Paced Bottle Feeding For The Breastfed Baby

Paced bottle feeding is a method of bottle feeding that is designed to mimic breastfeeding. There are many reasons families might decide to try it.

Some mothers find that when they return to work and their babies are receiving breastmilk or formula from a bottle in childcare, their babies become less interested in breastfeeding at home and some may even refuse the breast.

Many mothers also find that childcare providers are quickly going through the pumped milk they bring to childcare and end up supplementing with formula because their babies seem to want to take more milk at daycare than they can pump at work. Increasing the effectiveness of pumping sessions using hands-on pumping may help. Asking the childcare provider to use paced bottle feeding, and to offer at most 3 ounces every 2-3 hours may help as well.

A 2012 study showed that babies who are exclusively bottle fed, regardless of whether they are fed formula, breastmilk or some of each, tend to gain more weight during the first year than their exclusively at-breast fed peers. It is often easy to encourage a baby to take more milk at a feeding with a bottle than it is at the breast, and bottle feeding babies may be learning to interpret the slightly over-full feeding they get from bottle feeding as normal fullness. Paced bottle feeding may help prevent this for babies who receive many, most or all of their feedings from a bottle.

The video below is a demonstration of how to do paced bottle feeding.

The steps of paced bottle feeding are:

  • Hold the baby pretty close to upright.
  • Touch the baby's upper lip with the bottle and encourage the baby to latch onto the bottle with lips widely flanged and relaxed.
  • Hold the bottle horizontally. (The baby may take some air during the feeding but burping afterwards will normally prevent any problems.)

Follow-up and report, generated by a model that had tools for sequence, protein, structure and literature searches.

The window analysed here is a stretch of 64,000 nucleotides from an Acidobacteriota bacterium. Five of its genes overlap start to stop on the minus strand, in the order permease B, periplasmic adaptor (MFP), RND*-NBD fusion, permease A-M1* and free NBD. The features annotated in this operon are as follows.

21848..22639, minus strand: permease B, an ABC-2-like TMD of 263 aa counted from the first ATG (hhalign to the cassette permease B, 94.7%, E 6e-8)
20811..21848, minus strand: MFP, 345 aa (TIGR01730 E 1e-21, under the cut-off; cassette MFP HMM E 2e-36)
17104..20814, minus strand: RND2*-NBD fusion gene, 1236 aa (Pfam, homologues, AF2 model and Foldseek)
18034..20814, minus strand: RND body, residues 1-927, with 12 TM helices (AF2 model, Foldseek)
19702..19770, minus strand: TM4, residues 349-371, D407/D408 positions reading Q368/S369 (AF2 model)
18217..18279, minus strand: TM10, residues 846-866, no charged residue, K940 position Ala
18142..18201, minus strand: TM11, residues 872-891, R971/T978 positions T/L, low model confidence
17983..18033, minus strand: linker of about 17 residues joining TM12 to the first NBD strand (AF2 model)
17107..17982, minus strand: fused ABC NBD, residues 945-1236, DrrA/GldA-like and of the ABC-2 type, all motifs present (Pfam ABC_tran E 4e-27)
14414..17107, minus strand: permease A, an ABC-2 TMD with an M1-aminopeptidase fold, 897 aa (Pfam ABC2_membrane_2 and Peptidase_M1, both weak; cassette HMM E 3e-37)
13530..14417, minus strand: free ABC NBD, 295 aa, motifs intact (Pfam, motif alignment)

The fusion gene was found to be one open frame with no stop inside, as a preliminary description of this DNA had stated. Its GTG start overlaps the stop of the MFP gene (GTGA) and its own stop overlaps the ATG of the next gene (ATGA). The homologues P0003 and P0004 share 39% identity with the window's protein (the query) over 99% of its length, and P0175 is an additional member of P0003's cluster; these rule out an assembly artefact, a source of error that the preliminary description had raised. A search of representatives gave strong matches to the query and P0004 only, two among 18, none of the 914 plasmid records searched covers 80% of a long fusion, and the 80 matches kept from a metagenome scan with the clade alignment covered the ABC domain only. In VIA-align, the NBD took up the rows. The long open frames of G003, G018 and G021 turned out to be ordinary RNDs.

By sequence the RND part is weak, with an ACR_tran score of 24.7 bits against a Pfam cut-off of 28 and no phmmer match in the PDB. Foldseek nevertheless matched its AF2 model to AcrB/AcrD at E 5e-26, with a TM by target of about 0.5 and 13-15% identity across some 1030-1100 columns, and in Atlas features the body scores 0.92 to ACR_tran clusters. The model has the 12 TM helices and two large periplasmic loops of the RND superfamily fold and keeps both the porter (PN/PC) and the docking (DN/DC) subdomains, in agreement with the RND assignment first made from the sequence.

• Allow the baby to drink for 20-30 seconds.
  • Without taking the bottle out of the baby's mouth, tilt the bottle down so the baby can't get milk.
  • Wait for the baby to suck on the bottle again, and as soon as he does, return the bottle to horizontal.
  • Allow the baby to drink for 20-30 seconds and then tilt the bottle down again. Repeat this pattern.
  • During one of the pauses the baby will probably not suck again. At this point take the bottle out of the baby's mouth and end the feeding.
  • Do not try to encourage the baby to take just a little bit more. If you are using breastmilk, return it to the fridge and start the next feeding with the rest of the unused bottle.
  • Most breastmilk fed babies need about 3-4 ounces every 2-3 hours. Encouraging a breastmilk fed baby to take more than this is usually not necessary and may lead to some of the issues I mentioned above.
  • Remember that not all fussy babies are hungry. If the baby seems fussy after 3-4 ounces of breastmilk from a bottle, consider a pacifier or other soothing method to calm the baby until it is time to feed again.

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